The top performing countries are countries which do the three things the studies recommend: hire the best teachers, get them to do their best, and intervene when students fall behind. In South Korea, primary schools recruit teachers from the top 5% of college graduates, Singapore from the top 30%. Finland requires primary school teachers to have a master's degree. Yet they don't offer as much money as possible to attract the best, nor try to obtain as large a pool of teachers to choose from as possible--countries with the highest teacher salaries, Germany, Spain, and Switzerland, are not among those with the best-performing schools.
Singapore and Finland both provide significant teacher training and encourage teachers to share information and lesson plans. In Korea, secondary school teachers have lower status than primary school teachers: "Its primary school teachers have to pass a four-year undergraduate degree from one of only a dozen universities. ... In contrast, secondary-school teachers can get a diploma from any one of 350 colleges, with laxer selection criteria."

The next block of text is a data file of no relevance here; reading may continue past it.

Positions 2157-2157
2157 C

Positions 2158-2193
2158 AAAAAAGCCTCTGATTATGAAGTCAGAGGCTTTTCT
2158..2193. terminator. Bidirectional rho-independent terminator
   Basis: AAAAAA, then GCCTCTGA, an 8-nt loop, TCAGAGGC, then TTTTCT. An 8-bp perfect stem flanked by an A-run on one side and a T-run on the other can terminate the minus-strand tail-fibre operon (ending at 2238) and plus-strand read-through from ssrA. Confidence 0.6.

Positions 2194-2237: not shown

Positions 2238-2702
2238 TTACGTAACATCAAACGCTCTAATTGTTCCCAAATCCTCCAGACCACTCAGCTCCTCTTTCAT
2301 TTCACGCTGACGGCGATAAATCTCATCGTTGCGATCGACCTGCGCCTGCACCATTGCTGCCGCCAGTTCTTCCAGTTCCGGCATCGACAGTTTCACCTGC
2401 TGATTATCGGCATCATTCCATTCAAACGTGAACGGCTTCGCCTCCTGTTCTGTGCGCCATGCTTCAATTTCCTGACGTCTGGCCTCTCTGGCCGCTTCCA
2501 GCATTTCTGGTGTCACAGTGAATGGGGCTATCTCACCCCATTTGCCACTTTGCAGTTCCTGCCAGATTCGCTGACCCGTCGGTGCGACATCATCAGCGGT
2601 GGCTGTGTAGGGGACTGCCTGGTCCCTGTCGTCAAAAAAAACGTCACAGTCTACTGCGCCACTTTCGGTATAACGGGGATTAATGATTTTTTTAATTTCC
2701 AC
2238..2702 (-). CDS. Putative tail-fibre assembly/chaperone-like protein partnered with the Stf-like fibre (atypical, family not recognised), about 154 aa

The McKinsey study offers an explanation for why there's no correlation between spending or class size and student performance. Increasing spending doesn't guarantee that you get the best teachers, train them well, or intervene appropriately for students who fall behind. Reducing class size means a need for more teachers, which all else being equal means lower salaries and lower status, when the apparent way to succeed is to be more selective about who is teaching, not less.